Soil Mapping with Electromagnetic Induction Scanning

Last year we completed a substantial assignment for a large cotton grower in Azerbaijan. Having acquired over 6000 hectares of undeveloped territory in an area with a high water table and issues with salinity, they were aware that a properly designed drainage system would be needed to enable leaching of salts out of the soil and into drains. Over time this will render the soils less saline, improve plant productivity, and allow for more salt-sensitive crops than cotton to be grown as rotation crops. There was also interest in what crops should be grown where, and what fertiliser regimes would be needed to meet certain yield targets.

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The classical approach to soil surveying for such a task is to divide the property up into a grid, and sample soil and groundwater at the grid square intersections, like so.

autogrid

Fig. 1: Preplotting soil test sites using a grid generator (PAM software)

The technology for assessing soil type/characteristics without digging holes has advanced to the stage whereby using an Electromagnetic Induction (EMI) probe towed behind a vehicle, a basic map of electrical conductivity can be developed. Soil samples can then be taken from within areas of certain EM characteristics as needed, instead of at regular intervals, potentially saving a great deal of time and money on soil testing of fields with very regular soils, and identifying otherwise undetected variation within a field, down to an accuracy of a few centimetres.

Depending on probe design, scanning may be done at more than one depth; 4 depths is common (e.g. 20,40,60 and 80 cm).

Because electrical conductivity is correlated with many soil parameters of practical importance, such as soil texture, nutrient content, salinity, field capacity/wilting point, Cation Exchange Capacity and so on, we can pre-plot soil sample sites after scanning, and cross-reference soil test results with the EM data to develop quite accurate maps of key soil characteristics. Concurrently, we can map elevation of each square metre of the field.

Northern Farm_DEM

Fig. 3 Elevation

 

Northern Farm_Composition

Fig. 4 Soil Texture

 

Northern Farm Field Capacity

Fig 5: Field Capacity (Available Moisture at 1/3 Bar)

Field Capacity

Northern Farm Soluble Salts

Fig. 6 Soluble Salts

 

The practical applications of this are:

  • Capacity to design and install a precision irrigation system, to ensure that water is applied according to plant need and underlying soil type in various management zones. Water usage and pumping costs per tonne of product can be brought down accordingly.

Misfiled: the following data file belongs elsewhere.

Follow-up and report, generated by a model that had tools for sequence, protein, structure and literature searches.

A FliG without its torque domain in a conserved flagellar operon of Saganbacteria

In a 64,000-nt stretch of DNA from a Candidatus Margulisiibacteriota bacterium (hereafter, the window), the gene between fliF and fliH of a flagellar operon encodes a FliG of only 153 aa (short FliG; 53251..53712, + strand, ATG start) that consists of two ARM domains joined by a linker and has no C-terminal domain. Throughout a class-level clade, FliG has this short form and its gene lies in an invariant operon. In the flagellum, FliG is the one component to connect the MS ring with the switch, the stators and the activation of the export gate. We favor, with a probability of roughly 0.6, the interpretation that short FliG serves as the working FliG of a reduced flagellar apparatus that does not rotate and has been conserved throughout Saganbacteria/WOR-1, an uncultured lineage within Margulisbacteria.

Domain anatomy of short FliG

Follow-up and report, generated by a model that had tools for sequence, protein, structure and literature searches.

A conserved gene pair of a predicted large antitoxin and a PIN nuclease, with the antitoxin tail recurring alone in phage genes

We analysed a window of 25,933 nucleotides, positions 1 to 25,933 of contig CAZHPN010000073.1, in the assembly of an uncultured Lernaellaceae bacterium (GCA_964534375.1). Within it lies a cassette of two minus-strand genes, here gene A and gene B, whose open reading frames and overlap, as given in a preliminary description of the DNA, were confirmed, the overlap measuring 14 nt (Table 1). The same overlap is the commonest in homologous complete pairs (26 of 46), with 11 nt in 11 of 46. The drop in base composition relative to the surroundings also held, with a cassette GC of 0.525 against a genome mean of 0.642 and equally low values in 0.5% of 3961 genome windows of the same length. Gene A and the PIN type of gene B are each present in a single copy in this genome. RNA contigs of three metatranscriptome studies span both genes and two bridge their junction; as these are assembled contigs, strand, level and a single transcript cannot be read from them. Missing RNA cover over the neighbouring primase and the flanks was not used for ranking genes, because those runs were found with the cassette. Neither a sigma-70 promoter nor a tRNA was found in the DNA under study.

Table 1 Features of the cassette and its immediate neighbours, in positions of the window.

• Determine which soil type zones are suitable for which types of crop.
  • Determine exactly where soil amendments like gypsum should be applied to remediate salinity, with clear demarcations between areas requiring such intervention.
  • Target future annual pre-season soil tests and mid-season tissue tests within clearly demarcated zones based on underlying soil type.
  • Modify seeding rates according to soil type zones, to reduce seed cost/tonne of product harvested.
  • Modify fertiliser application rates according to clearly demarcated soil type zones, to reduce fertiliser cost/tonne of product harvested.

These datasets may be used to develop variable rate seeding or variable rate fertiliser application plans for in-cab computer systems, allowing the operator to have the computer automatically adjusting dosage according to need without manual adjustment.

Northern Farm_Cotton_Nitrogen_March 2017

Fig 7. Nitrogen Application recommendation, cotton

Northern Farm_Cotton_Phosphate_Mar2017

Fig 8. Phosphate application recommendations

They may also be used in precision irrigation systems to divide fields up into irrigation management zones based on underlying soil type, and to use data from soil moisture sensors to apply exactly the desired amount of water to each small irrigation zone, even under one pivot.

EM Screen Shots.pptx

Fig. 9 , Variable Rate Irrigation Zone Control (from Valley Irrigation)

 

This has application for drip systems in vineyards and orchards also. The following diagrams were part of a 2016 presentation delivered by Luis Sanchez from major US wine company E. & J. Gallo Winery

Soil Vineyard

Fig. 11: Soil Composition of Vineyard; s= sand sl = sandy loam ls = loamy sand

 

 

Yield Map

Legend Yield

Fig 12: Yield/acre

VRI 2nd Gen.jpeg

Fig 13: Variable Rate Irrigation Design; 96 irrigation zones, 30x30m each, 24.4 acres, Includes Variable Rate fertilisation

 

For more information on how we can map your property and save you money on seed, fertiliser and water pumping costs, and how we can optimise your yield/quality balance in your vineyards to enhance your profits, contact us here